Dweck, C. (2006). Mindset: The new psychology of success. New York, New York: Ballentine Books.
Carol Dweck’s Mindset is almost a decade old, but it is currently enjoying a revival of interest in education circles. A number of posts on this blog cover articles written about this book, but no post has yet covered the book itself.
Dweck’s book concerns her research into how people approach problems. Dweck maintains that people take one of two approaches to problems. They either have a fixed mindset or a growth mindset.
At its most basic level, a fixed mindset occurs when a person believes that intelligence, ability or skill in some area is fixed, that is that it cannot be significantly changed. The person considers themselves either smart or dumb, talented or not. For a fixed mindset person, a problem is an insurmountable obstacle. A failure indicates that the person is simply not good enough.
A growth mindset individual, however, believes in limitless human potential. A problem becomes an opportunity for growth, a chance to learn a new skill or a new approach to a problem. Dweck maintains that growth mindset individuals are more likely to be successful in the long term, as they continue to learn new skills. Growth mindset people are also more likely to be happy and content, as they never feel as if a problem is unsolvable.
The recent revival of this book is directly related to the need for students to learn the 21st century skills of adaptability and life-long learning. A common phrase in modern education is “We are are teaching our students skills they will need for jobs that have not even been created.” The basic idea is that the pace of change is accelerating, and people can grow and adapt to new conditions will be more successful than people who cannot.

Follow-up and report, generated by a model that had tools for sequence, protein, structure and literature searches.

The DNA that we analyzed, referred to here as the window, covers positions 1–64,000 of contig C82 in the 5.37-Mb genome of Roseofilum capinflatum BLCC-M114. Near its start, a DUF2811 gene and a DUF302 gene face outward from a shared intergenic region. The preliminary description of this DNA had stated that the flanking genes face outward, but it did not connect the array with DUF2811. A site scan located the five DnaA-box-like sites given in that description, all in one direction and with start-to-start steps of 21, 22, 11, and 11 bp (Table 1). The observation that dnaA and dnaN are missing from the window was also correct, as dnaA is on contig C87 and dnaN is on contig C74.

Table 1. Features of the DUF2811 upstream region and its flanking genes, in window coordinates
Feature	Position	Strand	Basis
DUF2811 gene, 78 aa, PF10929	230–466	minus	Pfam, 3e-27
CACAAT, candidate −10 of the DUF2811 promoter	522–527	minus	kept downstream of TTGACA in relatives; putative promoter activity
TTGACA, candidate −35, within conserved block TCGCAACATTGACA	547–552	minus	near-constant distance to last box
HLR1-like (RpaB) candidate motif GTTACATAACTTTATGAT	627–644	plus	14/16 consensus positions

Unfortunately, Dweck tends to reason beyond her data. She has a potent idea with some research behind it, but she extrapolates the idea into a binary worldview, where one either is fixed or growth. Everything bad comes from having a fixed mindset, everything good from growth. She oversells her idea, ruining a bit of her credibility.
Nevertheless, Mindset has some excellent advice for helping students cope with change. It is probably not necessary to read the entire book, as a number of chapters become repetitive. However, the first three chapters and the chapter on teaching are valuable additions for anyone’s reading plan.